• Scrum Master / Team Lead – fortnightly release update on in flight product iterations (epics), risks to delivery and mitigations to be sent to peers, Development Manager and Product Owner
  • Development Manager – monthly update on delivery efficiency improvements, development recruitment and strategy to deliver upcoming product iterations to be sent to peers, Product Owner, Technical Architect and head of development
  • Technical Architect – monthly update on technical architecture solutions for upcoming product iterations and quarterly presentation on architecture vision to Stakeholders, Development Teams, Product Owner and head of department
  • Product Owner – fortnightly sprint review and sprint goals report, bi-monthly update on what product iterations are up next with a product roadmap update and finally a quarterly presentation on what value has been delivered, what’s up next and an update on the product vision. The majority of updates to Stakeholders, Development Teams, Technical Architect, Directors, CTO and head of development

Once you’ve mastered the format of your updates, actually changing the content shouldn’t take long at all, so it’s easy to send out your heartbeat updates on time, but by not sending out any updates could easily give the indication that you’re a passenger on the idea to customer flow.

Problem solving image

There will never be a lack of problems to solve when it comes to product development, but handling the relentless amount of ideas and identifying the right ones to focus on can be tricky if a robust process to prioritise and track all of these is not in place.

There are many approaches you can take to handle problems and prioritisation, some product management videos I’ve seen describe the product owner to spend most of their time saying ‘NO’ to stakeholders which I tend to disagree with, because technically all problems can be solved and an idea is never a bad idea, but perhaps it just can’t be solved right now due to higher priority work, so a response to show appreciation for raising the idea / problem and that it’ll go through the prioritisation process is a more appropriate response. Some also handle prioritisation and requests by who shouts and flaps the loudest which is equally not the way to go about effective backlog prioritisation.

Two things you need in order to prioritise effectively 1. Value and 2. Effort to work out the projected ROI. Before you even spend effort discussing how much effort a problem will take to solve, the first thing which should be asked when someone approaches you with a problem, idea or bug is “what is the value?”. As a result of this, you may get:

  • A sheepish response where they don’t know, so they’ll have to go and find out (in some cases resulting in the problem being so small it’s not worth solving it, so you don’t get to hear about the problem anymore)
  • Value provided is minimal (relative to everything else in the backlog)
  • A fluffy response eg. It’ll increase traffic, it’ll increase retention rates etc, with no given metric
  • A significant problem / idea to solve which could deliver vast amounts of incremental revenue, benefits to customers or savings through efficiencies which should be fast tracked through the effort sizing and prioritisation process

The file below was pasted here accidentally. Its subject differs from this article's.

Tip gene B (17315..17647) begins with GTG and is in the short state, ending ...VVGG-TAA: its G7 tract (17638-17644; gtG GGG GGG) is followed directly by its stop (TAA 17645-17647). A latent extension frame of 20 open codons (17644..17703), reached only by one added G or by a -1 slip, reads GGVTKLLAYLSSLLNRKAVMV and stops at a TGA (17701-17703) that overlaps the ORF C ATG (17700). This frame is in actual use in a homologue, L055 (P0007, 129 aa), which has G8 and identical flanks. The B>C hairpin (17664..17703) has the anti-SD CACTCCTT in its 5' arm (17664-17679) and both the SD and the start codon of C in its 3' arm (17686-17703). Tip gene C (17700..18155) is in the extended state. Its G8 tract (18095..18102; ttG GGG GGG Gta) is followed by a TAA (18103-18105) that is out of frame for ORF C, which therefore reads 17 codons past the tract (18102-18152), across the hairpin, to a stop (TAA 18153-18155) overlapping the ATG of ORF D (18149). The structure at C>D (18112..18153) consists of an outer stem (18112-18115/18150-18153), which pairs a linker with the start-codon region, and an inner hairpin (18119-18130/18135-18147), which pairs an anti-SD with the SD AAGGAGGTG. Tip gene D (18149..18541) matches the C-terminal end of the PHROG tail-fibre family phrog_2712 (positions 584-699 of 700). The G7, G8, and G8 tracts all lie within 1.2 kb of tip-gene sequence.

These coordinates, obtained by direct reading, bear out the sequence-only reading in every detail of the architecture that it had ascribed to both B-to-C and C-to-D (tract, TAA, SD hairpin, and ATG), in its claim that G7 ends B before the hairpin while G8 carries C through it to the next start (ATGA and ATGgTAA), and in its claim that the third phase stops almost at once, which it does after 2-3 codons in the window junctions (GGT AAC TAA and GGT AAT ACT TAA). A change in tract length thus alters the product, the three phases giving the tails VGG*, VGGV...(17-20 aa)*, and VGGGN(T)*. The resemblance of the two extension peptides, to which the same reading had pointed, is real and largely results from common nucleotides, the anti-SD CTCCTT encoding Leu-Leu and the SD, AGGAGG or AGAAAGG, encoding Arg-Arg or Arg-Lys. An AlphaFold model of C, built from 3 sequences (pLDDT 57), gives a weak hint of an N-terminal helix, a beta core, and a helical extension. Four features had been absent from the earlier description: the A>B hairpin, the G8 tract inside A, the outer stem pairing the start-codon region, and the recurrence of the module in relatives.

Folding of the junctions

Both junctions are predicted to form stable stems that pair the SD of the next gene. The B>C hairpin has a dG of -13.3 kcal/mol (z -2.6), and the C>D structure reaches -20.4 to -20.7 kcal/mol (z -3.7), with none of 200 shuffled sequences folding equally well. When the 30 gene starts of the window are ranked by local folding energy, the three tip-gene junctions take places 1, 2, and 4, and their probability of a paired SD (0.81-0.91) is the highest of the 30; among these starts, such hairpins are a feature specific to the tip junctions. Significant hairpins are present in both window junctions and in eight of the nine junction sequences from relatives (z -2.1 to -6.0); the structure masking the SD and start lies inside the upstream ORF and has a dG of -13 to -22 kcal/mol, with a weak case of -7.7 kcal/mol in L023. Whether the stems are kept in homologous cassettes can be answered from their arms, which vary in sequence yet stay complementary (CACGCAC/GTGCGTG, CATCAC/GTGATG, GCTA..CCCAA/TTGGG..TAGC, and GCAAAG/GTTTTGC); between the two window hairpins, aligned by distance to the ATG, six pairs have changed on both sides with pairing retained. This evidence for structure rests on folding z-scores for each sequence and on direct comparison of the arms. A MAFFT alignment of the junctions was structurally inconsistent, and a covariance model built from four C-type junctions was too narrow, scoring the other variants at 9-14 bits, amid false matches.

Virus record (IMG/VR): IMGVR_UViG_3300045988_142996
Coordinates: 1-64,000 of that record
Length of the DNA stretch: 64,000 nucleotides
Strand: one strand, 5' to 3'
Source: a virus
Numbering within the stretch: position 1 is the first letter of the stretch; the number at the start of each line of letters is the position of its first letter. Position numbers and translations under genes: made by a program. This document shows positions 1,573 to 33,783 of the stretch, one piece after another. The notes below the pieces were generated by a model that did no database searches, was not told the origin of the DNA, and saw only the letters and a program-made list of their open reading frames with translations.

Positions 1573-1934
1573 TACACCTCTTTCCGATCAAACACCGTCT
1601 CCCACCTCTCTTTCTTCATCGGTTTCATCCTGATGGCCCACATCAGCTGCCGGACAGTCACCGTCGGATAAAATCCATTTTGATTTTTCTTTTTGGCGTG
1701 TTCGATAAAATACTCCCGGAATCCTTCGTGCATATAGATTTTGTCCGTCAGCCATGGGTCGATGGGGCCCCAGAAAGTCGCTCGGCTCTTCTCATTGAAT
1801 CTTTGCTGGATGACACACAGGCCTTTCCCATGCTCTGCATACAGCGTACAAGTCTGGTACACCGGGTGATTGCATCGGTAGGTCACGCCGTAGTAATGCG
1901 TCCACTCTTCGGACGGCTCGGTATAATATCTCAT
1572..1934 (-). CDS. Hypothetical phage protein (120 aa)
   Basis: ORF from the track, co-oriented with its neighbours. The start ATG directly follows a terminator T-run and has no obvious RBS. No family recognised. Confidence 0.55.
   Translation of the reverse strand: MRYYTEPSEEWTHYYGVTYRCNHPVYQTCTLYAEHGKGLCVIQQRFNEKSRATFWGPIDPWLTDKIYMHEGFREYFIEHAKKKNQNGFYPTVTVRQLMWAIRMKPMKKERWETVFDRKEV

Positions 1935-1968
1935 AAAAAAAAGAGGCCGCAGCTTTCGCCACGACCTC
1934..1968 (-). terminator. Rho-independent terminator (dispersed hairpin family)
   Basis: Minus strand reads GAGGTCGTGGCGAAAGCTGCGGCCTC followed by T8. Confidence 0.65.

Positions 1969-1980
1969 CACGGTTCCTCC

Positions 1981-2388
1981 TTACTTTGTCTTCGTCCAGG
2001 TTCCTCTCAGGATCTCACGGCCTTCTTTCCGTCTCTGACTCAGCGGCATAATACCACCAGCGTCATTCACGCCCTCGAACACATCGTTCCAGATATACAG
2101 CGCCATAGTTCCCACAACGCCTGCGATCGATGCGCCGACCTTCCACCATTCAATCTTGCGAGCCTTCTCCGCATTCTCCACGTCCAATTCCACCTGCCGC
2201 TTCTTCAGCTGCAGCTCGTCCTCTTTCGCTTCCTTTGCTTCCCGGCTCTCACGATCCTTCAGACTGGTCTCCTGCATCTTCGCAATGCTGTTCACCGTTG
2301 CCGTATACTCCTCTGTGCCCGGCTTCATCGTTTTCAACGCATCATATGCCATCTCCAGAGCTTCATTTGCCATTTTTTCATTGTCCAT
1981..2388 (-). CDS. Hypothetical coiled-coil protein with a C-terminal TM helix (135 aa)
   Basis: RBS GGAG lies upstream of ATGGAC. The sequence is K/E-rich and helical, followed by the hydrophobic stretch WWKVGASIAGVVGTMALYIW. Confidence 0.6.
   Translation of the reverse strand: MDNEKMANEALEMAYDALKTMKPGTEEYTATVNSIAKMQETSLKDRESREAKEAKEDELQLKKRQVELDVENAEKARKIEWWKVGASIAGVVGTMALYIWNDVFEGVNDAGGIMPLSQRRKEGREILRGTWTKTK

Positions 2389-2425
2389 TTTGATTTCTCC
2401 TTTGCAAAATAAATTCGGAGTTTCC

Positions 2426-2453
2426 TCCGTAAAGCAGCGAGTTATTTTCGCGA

Another question which can be asked to identify value is “what happens if we don’t do it for 3 months, 6 months or never” which will aid prioritisation further.

At your disposal you should have a data visualisation tool to easily view trend data and access KPIs for your products and features which is another way of identifying value for yourself, but ensuring that you and your Scrum teams are working to solve the highest value problems is fundamental in achieving a healthy ROI and successful product, so by asking just some simple questions up front will make your journey a lot more palatable.

Context switching

There’s never just one thing you could do, not just a few things, but there could be hundreds of things you could possibly do to deliver value, so by being reactional with a ‘just get it done’ attitude could result in little progress towards delivering overall business goals and lead to a few frustrated developers.

Product development isn’t as quick as setting up a new programmatic ad campaign for example and instead can take weeks to carefully craft a solution collaborating with colleagues along the way. Also with development costs not being cheap means that not making a sensible decision up front could be costly.

Context switching can impact a variety of key elements:

  • Waste – it can take hours / days for a developer to jump from one project to the next especially if they’re unrelated and the code is complex. There’s also risk that some of the learnings from the original task would be lost even if documented.
  • Morale – one of the most frustrating things for a developer is context switching either by switching in progress work or frequent disruptions. Developers take pride in doing a high quality job and to do that takes detailed technical planning to ensure they do the job well, so pulling the rug beneath them often ends in frustration. Typically they just want to get a job they’ve started on done and see the fruits of it.
  • Delivering value frequently – adapting to change quickly is important, but you may find changing a strategy often results in delivering very little.
  • Prioritisation – expecting a product owner or someone in a strategic position to juggle a significant amount of projects at once will end in the highest priority work not necessarily getting done, because it takes time to groom and value projects / requests, so if there’s less time to do this, work could be prioritised based on who shouts the loudest.

Context switching can negatively impact anyone across the majority of an organisation and is often caused by unnecessary flapping / panicking, but with a robust and strict new request process and well oiled live bug process can not only keep context switching to a minimum, but also ensure that teams are working on the highest priority item delivering value frequently to customers.